Take a Drink: for false sincerity
Take a Drink: for passive aggression
Take a Drink: “300 years ago”
Take a Drink: for helplessness and life skills failures
Do a Shot: when you spot Caucasian Mindy Lahiri
By: Henry J. Fromage (Two Beers) –
Catfishing documentaries and TV shows have provided us with some of the strangest, saddest, and most unnerving stories out there in recent years, from the rippling cultural impact of Catfish to the only believable because it happened The Imposter to this year’s excellent A Gay Girl in Damascus: The Amina Profile. I Touched All Your Stuff may take the cake, though.
This Brazilian documentary tells the story of American everyman Christopher Kirk, who goes to Colombia ostensibly through an interest in Pablo Escobar’s hippos, and there encounters a mysterious, beautiful half Japanese/half Colombian girl. Their whirlwind relationship leads to a bounty of salacious secrets… and Kirk serving hard time in Sao Paulo, Brazil for trying to smuggle seven-odd pounds of cocaine into Brazil. Well, according to him, anyway.
Who wouldn’t trust a criminal who looks like Paul Scheer?
Directors Maira Buhler and Matias Mariani throw everything they have onscreen, from Youtube videos, stock footage and narration, very differently toned interviews with friends from his old cornpone Oregon days and his clearly dingier Colombian years, Errol Morris-style direct-to-camera confessionals, an entire computer’s worth of purportedly unmodified key-logged conversations, photos, and cell phone videos to even stop-motion Pinocchio animation. There’s never a dull moment, which is impressive when you consider a significant portion of the action is conveyed via Instant Messenger.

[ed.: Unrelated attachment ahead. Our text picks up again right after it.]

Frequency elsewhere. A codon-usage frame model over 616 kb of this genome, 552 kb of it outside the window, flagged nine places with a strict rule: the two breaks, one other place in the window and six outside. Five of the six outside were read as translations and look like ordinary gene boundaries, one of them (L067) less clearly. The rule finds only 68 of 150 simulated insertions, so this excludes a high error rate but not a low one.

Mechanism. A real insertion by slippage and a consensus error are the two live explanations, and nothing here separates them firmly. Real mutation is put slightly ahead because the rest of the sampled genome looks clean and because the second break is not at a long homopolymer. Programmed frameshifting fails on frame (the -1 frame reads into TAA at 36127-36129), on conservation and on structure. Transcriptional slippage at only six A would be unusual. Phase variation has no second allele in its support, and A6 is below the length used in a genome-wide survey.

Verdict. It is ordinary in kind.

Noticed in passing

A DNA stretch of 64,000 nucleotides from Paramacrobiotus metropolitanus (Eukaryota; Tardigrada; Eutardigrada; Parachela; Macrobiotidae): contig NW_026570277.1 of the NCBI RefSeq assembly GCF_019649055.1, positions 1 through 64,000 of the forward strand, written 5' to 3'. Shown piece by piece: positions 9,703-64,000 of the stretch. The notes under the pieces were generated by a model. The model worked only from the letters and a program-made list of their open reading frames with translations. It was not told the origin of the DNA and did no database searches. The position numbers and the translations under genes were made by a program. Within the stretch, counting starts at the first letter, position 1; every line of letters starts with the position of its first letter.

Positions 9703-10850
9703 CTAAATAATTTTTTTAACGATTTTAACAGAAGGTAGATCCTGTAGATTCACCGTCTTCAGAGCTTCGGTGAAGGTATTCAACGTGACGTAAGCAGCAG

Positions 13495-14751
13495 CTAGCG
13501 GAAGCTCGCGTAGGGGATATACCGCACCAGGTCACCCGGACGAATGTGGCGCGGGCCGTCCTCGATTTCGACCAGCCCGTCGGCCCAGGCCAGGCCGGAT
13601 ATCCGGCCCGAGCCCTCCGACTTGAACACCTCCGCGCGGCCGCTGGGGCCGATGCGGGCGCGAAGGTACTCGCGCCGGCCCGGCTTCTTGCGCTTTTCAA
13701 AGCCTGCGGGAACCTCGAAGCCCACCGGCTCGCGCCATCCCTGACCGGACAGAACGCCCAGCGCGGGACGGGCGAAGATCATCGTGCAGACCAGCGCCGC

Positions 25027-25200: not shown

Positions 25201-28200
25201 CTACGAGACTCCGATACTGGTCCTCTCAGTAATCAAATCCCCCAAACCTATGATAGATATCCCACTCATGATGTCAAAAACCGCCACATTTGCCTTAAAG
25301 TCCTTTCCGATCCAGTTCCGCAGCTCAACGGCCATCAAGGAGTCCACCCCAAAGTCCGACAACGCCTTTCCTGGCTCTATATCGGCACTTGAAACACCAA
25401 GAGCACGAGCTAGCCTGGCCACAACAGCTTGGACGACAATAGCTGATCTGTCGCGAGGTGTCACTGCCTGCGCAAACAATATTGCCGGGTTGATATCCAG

Shit, I feel old.
The heart of the film, for all the efforts of Buhler and Mariani to contextualize and supplement and draw conclusions, is the story a yellow jumpsuit-clad Kirk wants to tell- and it’s a fascinating one. Structuring the film chronologically allows us to follow the thread of seduction and infidelity as Kirk and his conveniently comprehensive PC tower unspool it. Whether or not you buy all of it (“V” is clearly real on some level- judicious pausing will even give you a clear look at her face), Kirk’s story is gripping, and much like last year’s excellent Point and Shoot, gets to larger themes of why somebody would leave it all behind and risk an uncertain, dangerous life abroad. There’s a distinct fear of mediocrity, of living your life without making even the faintest toeprint in the sands of the universe that we share, and that drives some of us to further lengths than others.
For all the sound and fury, you’re left with the unmistakable impression that I Touched All Your Stuff doesn’t tally much in the significance column. The filmmakers are never able to (or are prevented from) clearly drawing a parallel between Kirk’s femme fatale tale and his incarceration, and the fact that they don’t bother bringing his story up to the present day (as far as I can make out, he’s back in the U.S., living as… an international fugitive?) leaves you with a distinctly unfulfilled feeling in the end.
There’s clearly a lot more going on with Wally Blanco here.
I Touched All Your Stuff is a perplexing, but thoroughly intriguing attempt to delve into the secrets of either a con man or a man conned.